The second or third generation versions of Covid-19 variant known as B.1.617 may already be circulating in India and could be more dangerous, former Harvard Medical School professor William Haseltine has said.
“India has the necessary genome sequencing capabilities but it needs to have a mass surveillance program. I’ll be on the lookout for more and newer variants, given the opportunity the virus has had with such a massive outbreak," Bloomberg quoted Haseltine as saying.
Prof Haseltine in his observations have pointed out that there are chances that the new variants of COVID-19 may be currently racing through India’s tightly-packed population of 1.4 billion people.
With a record 4,14,188 new coronavirus infections being reported in a day, India’s total tally of COVID-19 cases climbed to 2,14,91,598, while the active cases crossed the 36-lakh mark, according to the Union Health Ministry data updated on Friday. The death toll has increased to 2,34,083 with 3,915 fatalities being reported in a span of 24 hours, the data updated at 8 am showed.
Registering a steady increase, the active cases have increased to 36,45,164 comprising 16.96 per cent of the total infections, while the national COVID-19 recovery rate has dropped to 81.95 per cent.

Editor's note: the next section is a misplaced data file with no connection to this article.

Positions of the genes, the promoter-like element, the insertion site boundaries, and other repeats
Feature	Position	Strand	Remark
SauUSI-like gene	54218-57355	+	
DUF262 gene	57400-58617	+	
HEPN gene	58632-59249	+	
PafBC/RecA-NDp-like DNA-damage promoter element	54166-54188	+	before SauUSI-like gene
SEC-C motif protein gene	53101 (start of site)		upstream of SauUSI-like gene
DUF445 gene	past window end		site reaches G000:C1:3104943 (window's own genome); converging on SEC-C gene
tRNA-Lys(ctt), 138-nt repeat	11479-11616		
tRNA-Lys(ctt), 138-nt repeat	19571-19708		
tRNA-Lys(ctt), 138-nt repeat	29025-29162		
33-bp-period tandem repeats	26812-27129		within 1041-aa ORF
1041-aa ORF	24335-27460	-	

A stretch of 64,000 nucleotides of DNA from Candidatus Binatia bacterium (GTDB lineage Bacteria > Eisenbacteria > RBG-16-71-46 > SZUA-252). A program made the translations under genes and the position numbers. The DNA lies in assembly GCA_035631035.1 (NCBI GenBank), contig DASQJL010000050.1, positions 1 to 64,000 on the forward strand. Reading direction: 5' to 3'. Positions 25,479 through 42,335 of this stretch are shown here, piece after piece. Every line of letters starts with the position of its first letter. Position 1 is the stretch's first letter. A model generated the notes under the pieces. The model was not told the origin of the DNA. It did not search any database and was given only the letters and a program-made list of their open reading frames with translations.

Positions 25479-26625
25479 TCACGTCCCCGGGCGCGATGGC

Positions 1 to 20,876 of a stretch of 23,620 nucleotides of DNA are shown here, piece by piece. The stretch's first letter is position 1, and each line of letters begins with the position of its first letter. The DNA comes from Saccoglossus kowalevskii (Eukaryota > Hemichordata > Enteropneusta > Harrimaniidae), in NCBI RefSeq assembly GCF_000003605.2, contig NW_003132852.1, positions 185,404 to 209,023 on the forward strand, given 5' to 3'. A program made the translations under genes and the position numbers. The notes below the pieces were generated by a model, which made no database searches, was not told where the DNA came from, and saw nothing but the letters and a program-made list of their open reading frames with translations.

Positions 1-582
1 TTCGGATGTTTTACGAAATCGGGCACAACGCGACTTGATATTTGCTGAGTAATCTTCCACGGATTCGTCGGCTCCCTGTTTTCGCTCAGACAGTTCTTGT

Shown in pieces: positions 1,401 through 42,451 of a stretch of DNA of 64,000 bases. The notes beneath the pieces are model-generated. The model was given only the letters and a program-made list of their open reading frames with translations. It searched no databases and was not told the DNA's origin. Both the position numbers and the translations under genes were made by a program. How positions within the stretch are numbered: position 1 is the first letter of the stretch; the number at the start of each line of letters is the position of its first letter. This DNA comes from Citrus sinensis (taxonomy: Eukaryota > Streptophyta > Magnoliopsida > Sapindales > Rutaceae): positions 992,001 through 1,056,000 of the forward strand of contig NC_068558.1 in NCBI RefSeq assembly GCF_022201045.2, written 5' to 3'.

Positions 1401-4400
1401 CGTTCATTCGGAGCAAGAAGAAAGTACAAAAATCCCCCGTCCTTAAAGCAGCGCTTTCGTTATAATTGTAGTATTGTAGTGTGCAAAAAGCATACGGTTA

With the fear across the world over the new Indian variant or B.1.617, countries like Singapore, UK and Tanzania have curbed travel to and from India. Australia has also banned its citizens from returning from India earlier, but it withdraws the order after much criticism.
Because of the presence of two changes in the virus’s genome, called E484Q and L452R, the India strain has been called a double mutant. As per research, these genome affect a portion of the spike protein which is the key to the virus entering cells.
Some researchers believe that Indian variant (B.1.617) is as transmissible as the UK variant (B.1.1.7) and may be 70 percent more transmissible than earlier versions of the virus.
WHO has classified it as the a variant of interest. However, initial studies have indicated that the Indian variant does not pose a big threat and doesn’t appear to be more dangerous.
Centre for Cellular and Molecular Biology’s (CCMB) Rakesh Mishra had said that two of India’s vaccine- Covaxin and Covishield, that is being administered nationwide, are effective against the strain.
Meanwhile, researchers are busy evaluating the data and findings of genomic surveillance which may help in providing crucial information on the new forms of this shape-shifting virus. This can even help in preventing subsequent waves and develop the next generation of vaccines.
WHO’s technical lead officer Maria Van Kerkhove had said that information about new variants is coming in ‘fast and furious’ as they are monitoring variants through a global working group of laboratories.